If You’re Boycotting Israel in This Texas Town, Then No Hurricane Relief for You

If you’re a resident of a small Texas city and in need of hurricane recovery funds, you’ll have to certify that you’re not boycotting Israel.

Dickinson, Texas, announced earlier this week that it was accepting applications for grants to help residents rebuild homes and businesses damaged by Hurricane Harvey, which took a particularly devastating toll on this Houston-area town of some 20,000 people. The application is mainly comprised of unremarkable legalities, with one notable exception: a clause stating that the applicant will not take part in a boycott of Israel for the duration of the grant.

Screenshot Clause 11

In addition to being mystifying — what do home repairs in Texas have to do with a country more than 7,000 miles away? — this requirement is clearly unconstitutional. The First Amendment protects the right of Americans to participate in political boycotts, a right explicitly recognized by the Supreme Court in a case that concerned an NAACP-organized boycott to protest white supremacy in Port Gibson, Mississippi. And the government cannot force people to give up their peaceful political activity in order to be eligible for public benefits. Those kinds of ideological litmus test went out of vogue with the McCarthy-era loyalty oaths that the ACLU fought against in the 1950s and 1960s.

The clause in Dickinson’s application seems to stem from a Texas state law passed earlier this year, which bans the state from contracting with entities that boycott Israeli companies or companies that do business in Israel or its settlements. Other cities are also enforcing the law. The city of Galveston has issued guidelines requiring contractors who bid for neighborhood projects to certify that they're not boycotting Israel, and it even requires contractors providing police uniforms to sign the certification. Austin and San Antonio have implemented similar requirements.

The ACLU filed a lawsuit earlier this month against a similar law in Kansas. In that lawsuit, we represent a math teacher who was asked to certify that she doesn’t boycott Israel in order to participate in a government program training other teachers throughout the state. She said she could not sign the form in good conscience because she adheres to a boycott call from her Mennonite church, and the state refused to contract with her.

esther koontz: kansas Won’t Let Me Train Math Teachers Because I Boycott Israel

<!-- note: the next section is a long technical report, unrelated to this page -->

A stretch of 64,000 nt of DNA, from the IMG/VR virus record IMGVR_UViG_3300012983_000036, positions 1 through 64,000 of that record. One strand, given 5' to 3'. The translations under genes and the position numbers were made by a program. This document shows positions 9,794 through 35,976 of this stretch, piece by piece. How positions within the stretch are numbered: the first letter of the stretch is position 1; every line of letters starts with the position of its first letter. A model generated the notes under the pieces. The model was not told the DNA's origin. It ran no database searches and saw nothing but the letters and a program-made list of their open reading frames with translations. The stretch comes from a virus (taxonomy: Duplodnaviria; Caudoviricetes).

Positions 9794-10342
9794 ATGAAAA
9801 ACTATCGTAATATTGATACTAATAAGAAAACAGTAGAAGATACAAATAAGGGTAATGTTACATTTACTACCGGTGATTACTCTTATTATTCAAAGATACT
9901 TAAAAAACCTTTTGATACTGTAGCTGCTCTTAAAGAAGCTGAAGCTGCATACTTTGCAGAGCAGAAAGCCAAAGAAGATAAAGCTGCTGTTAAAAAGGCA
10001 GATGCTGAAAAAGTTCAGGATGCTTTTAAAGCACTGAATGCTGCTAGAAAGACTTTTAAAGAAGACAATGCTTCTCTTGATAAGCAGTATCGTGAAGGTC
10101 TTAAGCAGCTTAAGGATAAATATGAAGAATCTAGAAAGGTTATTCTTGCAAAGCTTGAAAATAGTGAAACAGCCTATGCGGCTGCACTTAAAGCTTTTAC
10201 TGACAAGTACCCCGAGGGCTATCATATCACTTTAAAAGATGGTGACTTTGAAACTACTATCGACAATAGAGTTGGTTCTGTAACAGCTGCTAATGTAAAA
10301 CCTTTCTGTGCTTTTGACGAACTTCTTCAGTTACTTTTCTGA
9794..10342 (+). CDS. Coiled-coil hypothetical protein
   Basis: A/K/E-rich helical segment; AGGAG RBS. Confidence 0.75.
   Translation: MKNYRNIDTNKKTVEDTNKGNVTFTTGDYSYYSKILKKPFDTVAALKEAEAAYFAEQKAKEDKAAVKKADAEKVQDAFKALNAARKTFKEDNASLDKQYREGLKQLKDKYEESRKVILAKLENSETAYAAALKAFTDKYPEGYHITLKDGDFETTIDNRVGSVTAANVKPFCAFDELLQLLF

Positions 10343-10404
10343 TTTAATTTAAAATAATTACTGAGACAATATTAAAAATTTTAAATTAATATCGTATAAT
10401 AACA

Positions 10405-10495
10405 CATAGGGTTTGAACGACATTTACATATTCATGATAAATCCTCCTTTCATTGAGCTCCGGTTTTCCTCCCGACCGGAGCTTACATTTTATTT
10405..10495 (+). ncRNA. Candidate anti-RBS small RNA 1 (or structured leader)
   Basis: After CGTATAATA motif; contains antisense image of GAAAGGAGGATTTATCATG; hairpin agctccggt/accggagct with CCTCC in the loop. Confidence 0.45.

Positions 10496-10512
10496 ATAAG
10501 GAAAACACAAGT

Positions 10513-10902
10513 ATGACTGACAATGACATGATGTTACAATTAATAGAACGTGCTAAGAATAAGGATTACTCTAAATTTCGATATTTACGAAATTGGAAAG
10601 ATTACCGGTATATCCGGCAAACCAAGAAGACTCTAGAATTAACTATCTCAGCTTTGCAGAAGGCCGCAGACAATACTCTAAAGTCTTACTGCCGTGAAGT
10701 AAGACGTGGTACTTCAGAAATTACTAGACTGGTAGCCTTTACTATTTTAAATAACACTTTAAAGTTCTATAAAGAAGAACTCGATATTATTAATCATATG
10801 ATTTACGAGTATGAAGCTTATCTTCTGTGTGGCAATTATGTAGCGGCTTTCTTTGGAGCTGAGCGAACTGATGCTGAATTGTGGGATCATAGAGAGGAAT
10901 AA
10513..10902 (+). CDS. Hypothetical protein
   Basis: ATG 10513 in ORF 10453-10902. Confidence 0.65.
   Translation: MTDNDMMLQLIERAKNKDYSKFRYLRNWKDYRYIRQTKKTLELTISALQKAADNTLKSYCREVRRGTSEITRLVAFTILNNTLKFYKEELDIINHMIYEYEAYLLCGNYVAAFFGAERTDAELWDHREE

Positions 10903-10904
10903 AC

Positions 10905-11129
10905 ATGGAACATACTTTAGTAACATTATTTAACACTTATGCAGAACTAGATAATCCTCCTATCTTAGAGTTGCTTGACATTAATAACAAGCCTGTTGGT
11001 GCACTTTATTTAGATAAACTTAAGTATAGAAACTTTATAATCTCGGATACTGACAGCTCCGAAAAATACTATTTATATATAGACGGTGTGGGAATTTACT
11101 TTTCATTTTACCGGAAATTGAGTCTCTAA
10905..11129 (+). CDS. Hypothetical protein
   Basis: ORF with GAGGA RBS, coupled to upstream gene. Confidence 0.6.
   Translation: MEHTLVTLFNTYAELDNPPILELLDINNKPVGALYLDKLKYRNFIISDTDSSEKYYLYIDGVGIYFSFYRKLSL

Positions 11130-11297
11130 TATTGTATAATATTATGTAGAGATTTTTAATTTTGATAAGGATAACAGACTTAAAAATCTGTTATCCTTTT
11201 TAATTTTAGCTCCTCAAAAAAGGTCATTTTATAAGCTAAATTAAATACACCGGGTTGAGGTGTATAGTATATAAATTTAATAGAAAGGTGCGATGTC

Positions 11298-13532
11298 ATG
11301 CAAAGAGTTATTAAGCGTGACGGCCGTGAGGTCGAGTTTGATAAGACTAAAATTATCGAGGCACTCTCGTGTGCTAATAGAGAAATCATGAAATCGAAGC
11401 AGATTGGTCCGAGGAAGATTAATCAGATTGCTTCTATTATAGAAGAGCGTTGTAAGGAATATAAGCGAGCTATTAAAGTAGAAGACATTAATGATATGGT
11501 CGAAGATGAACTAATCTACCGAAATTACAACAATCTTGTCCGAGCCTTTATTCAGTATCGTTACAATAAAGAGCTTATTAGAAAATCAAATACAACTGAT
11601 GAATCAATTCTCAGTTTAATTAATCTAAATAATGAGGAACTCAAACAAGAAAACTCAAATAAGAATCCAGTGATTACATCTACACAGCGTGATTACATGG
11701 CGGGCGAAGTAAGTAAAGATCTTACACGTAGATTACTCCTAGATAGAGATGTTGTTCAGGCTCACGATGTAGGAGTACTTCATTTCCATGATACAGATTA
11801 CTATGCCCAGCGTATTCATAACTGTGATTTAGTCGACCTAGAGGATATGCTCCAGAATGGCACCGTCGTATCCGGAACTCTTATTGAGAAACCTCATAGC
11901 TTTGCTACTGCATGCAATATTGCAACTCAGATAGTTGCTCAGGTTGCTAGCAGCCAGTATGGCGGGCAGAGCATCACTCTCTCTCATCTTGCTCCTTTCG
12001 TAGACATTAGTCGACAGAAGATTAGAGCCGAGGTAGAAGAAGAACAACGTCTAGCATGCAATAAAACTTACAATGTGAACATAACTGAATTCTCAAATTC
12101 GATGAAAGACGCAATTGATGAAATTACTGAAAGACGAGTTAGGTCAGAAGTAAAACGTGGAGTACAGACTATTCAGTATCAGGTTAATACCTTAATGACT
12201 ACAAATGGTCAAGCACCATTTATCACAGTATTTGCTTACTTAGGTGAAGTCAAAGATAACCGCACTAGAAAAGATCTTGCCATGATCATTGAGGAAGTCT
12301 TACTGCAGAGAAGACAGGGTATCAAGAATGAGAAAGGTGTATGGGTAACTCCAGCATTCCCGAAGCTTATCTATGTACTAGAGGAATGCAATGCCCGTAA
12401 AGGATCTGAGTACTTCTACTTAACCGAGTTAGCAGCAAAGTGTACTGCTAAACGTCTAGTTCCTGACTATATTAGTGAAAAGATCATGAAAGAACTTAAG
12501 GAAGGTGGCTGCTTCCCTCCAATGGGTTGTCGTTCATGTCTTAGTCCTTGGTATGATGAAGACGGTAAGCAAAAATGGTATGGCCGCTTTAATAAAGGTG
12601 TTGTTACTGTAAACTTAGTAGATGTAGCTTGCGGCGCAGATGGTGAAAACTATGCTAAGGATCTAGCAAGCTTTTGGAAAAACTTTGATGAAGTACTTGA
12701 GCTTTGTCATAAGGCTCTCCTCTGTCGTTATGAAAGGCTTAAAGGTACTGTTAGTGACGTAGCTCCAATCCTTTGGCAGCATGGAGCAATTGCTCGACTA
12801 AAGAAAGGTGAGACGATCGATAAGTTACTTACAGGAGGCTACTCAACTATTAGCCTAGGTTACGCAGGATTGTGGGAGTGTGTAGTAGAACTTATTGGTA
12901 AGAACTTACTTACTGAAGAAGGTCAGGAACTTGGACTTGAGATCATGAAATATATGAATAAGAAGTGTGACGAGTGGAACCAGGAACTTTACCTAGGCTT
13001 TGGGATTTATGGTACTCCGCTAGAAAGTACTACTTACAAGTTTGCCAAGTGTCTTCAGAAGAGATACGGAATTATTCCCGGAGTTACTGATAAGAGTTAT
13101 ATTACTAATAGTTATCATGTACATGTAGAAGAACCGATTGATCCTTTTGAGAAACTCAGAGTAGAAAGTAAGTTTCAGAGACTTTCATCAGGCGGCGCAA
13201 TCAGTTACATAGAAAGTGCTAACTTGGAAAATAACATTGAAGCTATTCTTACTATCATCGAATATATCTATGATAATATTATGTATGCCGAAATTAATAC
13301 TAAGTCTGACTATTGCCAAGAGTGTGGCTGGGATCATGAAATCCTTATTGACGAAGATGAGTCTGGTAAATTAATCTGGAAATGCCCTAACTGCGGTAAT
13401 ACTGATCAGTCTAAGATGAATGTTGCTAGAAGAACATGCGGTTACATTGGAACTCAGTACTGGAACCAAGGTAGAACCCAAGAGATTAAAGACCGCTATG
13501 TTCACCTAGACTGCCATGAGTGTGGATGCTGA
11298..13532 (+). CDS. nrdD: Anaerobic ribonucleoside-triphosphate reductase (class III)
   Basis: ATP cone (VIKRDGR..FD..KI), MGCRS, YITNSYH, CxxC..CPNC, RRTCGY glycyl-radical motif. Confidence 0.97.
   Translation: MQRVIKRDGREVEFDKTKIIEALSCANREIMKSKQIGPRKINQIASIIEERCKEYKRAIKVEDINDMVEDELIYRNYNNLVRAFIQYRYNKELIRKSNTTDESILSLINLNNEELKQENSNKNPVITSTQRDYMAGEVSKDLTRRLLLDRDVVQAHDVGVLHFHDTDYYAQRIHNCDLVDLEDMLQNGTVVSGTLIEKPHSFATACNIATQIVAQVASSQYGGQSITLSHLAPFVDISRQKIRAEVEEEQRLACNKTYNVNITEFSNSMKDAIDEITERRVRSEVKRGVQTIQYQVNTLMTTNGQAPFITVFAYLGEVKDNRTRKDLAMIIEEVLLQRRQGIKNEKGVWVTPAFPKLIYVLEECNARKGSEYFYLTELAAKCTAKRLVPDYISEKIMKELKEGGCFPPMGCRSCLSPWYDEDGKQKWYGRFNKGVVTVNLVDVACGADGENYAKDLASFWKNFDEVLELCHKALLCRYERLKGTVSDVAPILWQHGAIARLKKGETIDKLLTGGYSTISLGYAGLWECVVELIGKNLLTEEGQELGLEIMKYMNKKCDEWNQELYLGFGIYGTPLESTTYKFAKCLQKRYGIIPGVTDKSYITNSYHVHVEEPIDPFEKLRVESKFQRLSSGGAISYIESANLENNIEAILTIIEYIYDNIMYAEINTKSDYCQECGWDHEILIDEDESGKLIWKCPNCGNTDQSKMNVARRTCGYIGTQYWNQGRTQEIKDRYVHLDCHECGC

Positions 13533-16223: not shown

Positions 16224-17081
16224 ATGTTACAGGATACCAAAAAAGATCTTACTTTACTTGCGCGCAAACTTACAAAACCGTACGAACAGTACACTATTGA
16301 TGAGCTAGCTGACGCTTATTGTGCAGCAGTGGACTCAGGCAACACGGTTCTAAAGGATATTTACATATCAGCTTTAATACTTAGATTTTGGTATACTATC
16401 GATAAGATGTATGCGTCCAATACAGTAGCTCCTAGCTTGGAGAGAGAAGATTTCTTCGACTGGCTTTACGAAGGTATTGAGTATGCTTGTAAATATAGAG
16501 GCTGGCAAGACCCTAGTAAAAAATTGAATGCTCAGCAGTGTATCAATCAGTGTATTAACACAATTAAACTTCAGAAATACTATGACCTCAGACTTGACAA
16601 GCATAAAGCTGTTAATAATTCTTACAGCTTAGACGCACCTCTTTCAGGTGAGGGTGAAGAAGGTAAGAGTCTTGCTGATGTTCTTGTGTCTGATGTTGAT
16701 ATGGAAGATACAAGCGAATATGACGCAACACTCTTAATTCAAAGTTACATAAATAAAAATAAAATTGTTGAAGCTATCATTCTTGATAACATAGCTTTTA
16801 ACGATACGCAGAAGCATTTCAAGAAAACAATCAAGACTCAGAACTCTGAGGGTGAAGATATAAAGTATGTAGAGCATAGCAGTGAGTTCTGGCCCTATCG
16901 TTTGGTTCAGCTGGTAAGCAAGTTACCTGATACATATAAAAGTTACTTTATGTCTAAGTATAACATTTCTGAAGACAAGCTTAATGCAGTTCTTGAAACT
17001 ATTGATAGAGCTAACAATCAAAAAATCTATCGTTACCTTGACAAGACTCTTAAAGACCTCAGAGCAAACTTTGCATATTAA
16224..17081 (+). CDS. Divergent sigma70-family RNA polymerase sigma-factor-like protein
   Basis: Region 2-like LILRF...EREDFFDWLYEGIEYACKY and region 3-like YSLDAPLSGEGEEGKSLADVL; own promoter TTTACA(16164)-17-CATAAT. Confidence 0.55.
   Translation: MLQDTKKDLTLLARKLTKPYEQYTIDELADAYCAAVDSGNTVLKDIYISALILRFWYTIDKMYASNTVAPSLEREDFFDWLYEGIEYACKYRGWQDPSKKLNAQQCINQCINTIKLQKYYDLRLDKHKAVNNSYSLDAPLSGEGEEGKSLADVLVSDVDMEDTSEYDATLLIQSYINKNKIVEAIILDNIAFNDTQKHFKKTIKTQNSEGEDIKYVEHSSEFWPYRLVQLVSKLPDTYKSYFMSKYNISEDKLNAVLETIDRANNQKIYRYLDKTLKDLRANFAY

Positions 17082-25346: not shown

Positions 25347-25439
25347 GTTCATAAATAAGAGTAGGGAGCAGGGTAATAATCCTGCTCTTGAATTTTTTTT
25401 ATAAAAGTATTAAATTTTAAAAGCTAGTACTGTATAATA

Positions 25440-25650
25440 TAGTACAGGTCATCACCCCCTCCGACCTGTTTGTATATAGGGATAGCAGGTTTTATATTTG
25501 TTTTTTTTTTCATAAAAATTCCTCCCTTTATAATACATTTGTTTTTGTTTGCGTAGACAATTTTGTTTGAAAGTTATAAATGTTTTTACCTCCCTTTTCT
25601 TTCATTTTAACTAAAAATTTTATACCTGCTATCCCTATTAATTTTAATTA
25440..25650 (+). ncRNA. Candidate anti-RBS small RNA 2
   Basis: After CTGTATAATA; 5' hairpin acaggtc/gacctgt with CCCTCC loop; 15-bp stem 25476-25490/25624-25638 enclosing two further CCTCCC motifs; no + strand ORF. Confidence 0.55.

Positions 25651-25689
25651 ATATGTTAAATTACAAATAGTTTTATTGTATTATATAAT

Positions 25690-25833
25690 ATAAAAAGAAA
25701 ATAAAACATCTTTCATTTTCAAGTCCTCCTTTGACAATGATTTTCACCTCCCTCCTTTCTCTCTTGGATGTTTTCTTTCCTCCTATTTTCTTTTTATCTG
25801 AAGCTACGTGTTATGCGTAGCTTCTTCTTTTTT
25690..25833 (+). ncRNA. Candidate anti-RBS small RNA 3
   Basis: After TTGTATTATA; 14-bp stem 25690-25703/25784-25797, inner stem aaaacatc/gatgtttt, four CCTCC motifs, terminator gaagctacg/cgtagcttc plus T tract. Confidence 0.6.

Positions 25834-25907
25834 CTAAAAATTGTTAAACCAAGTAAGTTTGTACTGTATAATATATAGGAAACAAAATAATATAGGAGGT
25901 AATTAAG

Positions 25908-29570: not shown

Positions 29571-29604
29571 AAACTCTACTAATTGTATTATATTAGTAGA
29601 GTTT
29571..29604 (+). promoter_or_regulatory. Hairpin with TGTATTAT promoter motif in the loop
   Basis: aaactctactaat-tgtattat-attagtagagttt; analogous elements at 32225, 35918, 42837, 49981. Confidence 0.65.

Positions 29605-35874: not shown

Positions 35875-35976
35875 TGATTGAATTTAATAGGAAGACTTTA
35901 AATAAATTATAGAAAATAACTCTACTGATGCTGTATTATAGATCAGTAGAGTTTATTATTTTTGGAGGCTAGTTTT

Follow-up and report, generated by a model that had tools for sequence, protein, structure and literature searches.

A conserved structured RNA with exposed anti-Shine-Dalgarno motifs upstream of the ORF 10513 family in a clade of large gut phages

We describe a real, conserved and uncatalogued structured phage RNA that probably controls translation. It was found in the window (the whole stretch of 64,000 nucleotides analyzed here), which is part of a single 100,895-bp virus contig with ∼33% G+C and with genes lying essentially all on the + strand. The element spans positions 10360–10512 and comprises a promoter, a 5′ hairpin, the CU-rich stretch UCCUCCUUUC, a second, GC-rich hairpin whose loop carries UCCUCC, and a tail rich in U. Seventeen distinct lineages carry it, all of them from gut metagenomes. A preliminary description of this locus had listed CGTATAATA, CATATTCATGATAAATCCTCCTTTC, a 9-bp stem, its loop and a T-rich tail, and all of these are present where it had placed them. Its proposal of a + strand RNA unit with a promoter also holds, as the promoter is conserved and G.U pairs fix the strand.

The First Amendment was designed to prevent the power of the state from coming down against one side of an important political debate. Yet numerous state legislatures have passed laws to stamp out boycotts of Israel, and Congress is looking to pass a related federal bill that the ACLU vigorously opposes.

It’s deeply concerning that these efforts are now trickling down to the municipal level as well. We encourage anyone from Dickinson asked to sign such a statement, or any other Texans asked to sign these certifications, to contact the ACLU of Texas.

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Carol

I am a Jew who believes boycotting Israel is an ill decided mistake. However, this "test " is also an ill decided mistake.

Joseph

Do not stab me in a back ONLY WHILE I AM FEEDING YOU FOR FREE! Before and after is OK. Too much to ask?

Rebekah

Replying to Joseph: Dickinson is not feeding people for free. It is providing public benefits, as the article states; these are municipal services funded by taxpayers. Those of us who are concerned about these services being withheld based on the political beliefs/activities of the recipients have recognized that this practice is a violation of the First Amendment. We don't have to prove, for example, that we are pro-life in order to attend public school, or that we are not in the KKK to get our trash and recycling collected.

anonymous

I'm a Jew, too, and I boycott Israel because I stand united with the people of Gaza and Palestine against genocide.

"Never again!" means never again, period, for anybody, not just Jews.

#ImAJewAndAIPACDoesntSpeakForMe

Alfred Robert Hogan

I am part Jewish as I belatedly discovered. Many Jewish people fully support the BDS movement because of the horrific policies and practices of the far-right-wing government in Israel. Of course, all arms and military aid should be cut off -- to Israel and all others. As a pacifist, I like to see cooperation not confrontation. I sympathize with the BDS movement and these unconstitutional Texas laws are outrageous outright. But I do want scientific, cultural, artistic, environmental, space, academic, et al exchanges to continue until Likud is down and out for good. Israel, if it is to continue, must collectively both respect and like its Arab and Persian neighbors.

Pacifists

You know who the most famous Jew passivits were? Well about 4 million who walked freely into a shower of poison gas. I don’t blame the Jews for paranoia or calls to arms. Many governments throughout history have tried to destroy them. So keep being a pacifist and suffer your death, other collect heavy weapons and strike first.

Anonymous

So, if that makes those boycotters who oppose these evil acts and pacifists, does murdering innocent women and children and destroying their homes and schools make all those Israelis “nazis?” Using your hyperbole, it certainly does.

Dr. Joseph Goebbels

You can't call it boycoting anymore. The current P.C. terms are Personcotting or Unicotting.

Anonymous

Zzzzzzzzzzzz

Dr. Joseph Goebbels

All these initials are confusing me. What does BDS stand for, Big Duck Suckers ?

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